*Hackney. Unfashionable middle-class district in northeastern London; an unattractive place, with miles of unlovely brick houses, black iron railings, stony pavements, and gray slate-roofed buildings. Most houses have front gardens whose lawns are divided by pathways from their front gates to their hall doors. Near the end of Hackney Road is Victoria Park, 217 acres of open space fenced by wooden paling. It has plenty of open grass fields, trees, a lake for swimmers, flowerbeds, and a sandpit for children to play in. A bandstand, cricket pitches, and a gymnasium are also among the park’s attractions. The parsonage has a good view over the park from its front window.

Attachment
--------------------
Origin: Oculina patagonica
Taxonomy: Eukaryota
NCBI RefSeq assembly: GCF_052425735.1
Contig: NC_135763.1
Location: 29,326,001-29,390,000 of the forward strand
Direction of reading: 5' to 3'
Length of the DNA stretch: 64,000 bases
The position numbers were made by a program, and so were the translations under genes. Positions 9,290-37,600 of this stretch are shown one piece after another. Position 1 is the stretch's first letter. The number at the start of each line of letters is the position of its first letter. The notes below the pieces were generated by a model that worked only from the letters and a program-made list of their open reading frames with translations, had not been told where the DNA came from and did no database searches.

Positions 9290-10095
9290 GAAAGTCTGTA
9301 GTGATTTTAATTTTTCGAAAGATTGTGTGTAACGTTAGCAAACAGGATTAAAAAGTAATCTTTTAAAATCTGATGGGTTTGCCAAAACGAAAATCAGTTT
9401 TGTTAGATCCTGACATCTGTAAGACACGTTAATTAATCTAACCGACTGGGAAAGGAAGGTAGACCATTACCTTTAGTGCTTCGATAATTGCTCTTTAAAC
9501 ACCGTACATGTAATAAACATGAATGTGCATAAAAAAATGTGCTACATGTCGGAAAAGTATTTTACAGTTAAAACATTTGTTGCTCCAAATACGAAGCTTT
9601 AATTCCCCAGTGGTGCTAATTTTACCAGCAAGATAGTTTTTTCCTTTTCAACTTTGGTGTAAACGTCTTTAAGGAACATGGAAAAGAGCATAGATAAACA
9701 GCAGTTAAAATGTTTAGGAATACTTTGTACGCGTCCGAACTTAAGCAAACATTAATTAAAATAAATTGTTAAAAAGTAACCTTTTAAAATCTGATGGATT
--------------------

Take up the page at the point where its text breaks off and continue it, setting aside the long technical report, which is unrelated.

Victoria Park is still an important open space in Hackney, with most of the features described by Shaw. Mare Street—the location of a public hall in which Morell is to speak on the evening in which the play takes place—is the left hand roadway at the park end of Hackney Road.
St. Dominic’s parsonage
St. Dominic’s parsonage. Hackney home of the Christian Socialist clergyman James Morell and his wife, Candida. Located only three minutes by horse-drawn Hansom cab from a train station, the parsonage is a semidetached building with a front garden and a flight of steps leading up from the path. The tradesmen’s entrance is down steps to the basement, which has a breakfast room in the front, used for all meals, as the formal...
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